We give you five variations on the centerpiece of the Thanksgiving table to bring you the best, perfectly moist turkey you'll ever taste.
"This is the best turkey I've ever tasted."
That's what you want to hear. But first ask yourself, "Do I want to roast a whole one again?" If so, we have the tips to turn out a truly moist bird. But if guests are ready for something a bit different, read on ...
If guests expect the ritual carving at the head of the table, opt for a classic whole presentation, like Maple-Cider Brined
Turkey with Bourbon-Cider Gravy. This recipe provides rich seasonal maple and cider flavor, and perfect juiciness from the
brine. Tip: Use your largest stockpot for brining the bird, or a brining bag.
View Recipe: Maple-Cider Brined Turkey with Bourbon-Cider Gravy
This pretty entrée is a perfect dish for an elegant holiday dinner and certainly simpler to carve than a whole turkey. The
combination of shallots and porcini soaking liquid creates a savory, earthy gravy.
View Recipe: Braised Turkey Roulade with Pancetta, Shallots, and Porcini Gravy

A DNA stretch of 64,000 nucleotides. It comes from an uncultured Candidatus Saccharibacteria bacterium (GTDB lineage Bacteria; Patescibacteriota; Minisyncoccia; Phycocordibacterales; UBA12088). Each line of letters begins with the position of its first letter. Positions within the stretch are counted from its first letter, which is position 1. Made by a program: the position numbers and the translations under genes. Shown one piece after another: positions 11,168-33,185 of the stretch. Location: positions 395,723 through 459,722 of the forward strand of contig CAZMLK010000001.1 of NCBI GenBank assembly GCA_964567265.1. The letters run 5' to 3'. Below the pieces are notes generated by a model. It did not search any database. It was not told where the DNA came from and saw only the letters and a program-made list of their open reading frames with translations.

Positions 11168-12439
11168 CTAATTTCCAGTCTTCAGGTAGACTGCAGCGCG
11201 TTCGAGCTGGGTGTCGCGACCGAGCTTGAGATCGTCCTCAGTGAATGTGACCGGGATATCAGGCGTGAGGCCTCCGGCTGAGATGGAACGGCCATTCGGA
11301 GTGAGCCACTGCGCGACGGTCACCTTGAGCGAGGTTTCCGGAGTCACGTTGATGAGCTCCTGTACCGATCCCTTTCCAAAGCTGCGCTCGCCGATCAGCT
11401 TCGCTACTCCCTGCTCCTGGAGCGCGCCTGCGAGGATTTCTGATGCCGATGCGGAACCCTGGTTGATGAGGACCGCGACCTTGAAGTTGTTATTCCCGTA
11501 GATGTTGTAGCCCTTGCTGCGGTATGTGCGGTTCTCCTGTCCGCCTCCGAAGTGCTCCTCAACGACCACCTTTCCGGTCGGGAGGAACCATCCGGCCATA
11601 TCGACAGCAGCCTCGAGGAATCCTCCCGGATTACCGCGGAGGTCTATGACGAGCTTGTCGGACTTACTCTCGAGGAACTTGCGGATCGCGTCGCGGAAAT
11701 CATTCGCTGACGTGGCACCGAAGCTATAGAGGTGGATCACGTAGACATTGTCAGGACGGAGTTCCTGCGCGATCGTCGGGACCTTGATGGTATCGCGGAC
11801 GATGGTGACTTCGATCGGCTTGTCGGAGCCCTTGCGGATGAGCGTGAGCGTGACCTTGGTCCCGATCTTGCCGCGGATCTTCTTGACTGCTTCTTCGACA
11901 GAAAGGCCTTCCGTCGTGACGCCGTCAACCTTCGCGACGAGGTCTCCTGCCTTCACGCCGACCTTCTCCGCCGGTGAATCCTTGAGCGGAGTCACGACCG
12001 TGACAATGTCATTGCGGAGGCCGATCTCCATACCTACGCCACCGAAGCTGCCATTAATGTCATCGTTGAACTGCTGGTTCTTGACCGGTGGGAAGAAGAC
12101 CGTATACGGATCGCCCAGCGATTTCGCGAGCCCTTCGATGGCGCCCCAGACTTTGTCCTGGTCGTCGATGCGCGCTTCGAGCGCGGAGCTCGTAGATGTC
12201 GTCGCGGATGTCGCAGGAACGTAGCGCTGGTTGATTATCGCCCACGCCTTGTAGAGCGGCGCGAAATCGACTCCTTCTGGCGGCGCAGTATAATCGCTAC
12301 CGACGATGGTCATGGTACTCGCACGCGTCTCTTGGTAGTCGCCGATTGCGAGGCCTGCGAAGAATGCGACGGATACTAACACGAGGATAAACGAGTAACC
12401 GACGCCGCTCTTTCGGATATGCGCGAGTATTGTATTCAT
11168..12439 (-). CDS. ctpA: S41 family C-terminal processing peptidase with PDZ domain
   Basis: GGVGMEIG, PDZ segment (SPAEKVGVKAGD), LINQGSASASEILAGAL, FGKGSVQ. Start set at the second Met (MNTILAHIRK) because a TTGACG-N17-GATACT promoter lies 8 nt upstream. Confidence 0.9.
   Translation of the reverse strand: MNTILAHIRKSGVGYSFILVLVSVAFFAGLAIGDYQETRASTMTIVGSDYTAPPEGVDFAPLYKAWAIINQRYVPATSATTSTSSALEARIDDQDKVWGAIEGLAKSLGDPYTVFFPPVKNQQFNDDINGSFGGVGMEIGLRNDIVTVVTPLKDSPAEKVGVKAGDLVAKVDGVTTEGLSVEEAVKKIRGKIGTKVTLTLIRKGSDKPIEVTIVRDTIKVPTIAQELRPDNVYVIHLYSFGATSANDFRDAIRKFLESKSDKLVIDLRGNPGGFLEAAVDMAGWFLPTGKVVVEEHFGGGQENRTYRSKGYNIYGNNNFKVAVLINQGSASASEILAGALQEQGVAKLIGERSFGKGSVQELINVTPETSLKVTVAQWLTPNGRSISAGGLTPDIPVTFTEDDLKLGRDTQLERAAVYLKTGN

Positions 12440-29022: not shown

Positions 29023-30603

If you're cooking for real turkey aficionados, take the cheffy route to perfection: Cut the bird into parts and slow roast
them, basting with a touch of cream, which gives you fantastically moist, rich meat, white and dark alike. If breaking down
the turkey seems too advanced, have your butcher do it for you.
View Recipe: Slow-Roasted Turkey with Cream Gravy
For making a show of the carving: This classic whole-roasted turkey is rubbed with butter and bright-tasting herbs.
View Recipe: Roasted Turkey with Rosemary-Garlic Butter Rub and Pan Gravy
Late November may not be prime time for grilling, but adding smoke and fire to the holiday bird is worth the momentary chill.
Because this is a turkey breast (and not a whole bird), it cooks relatively quickly over an indirect fire, but it's still
plenty big to feed a crowd.
View Recipe: Smoke-Roasted Turkey Breast with Pomegranate-Thyme Glaze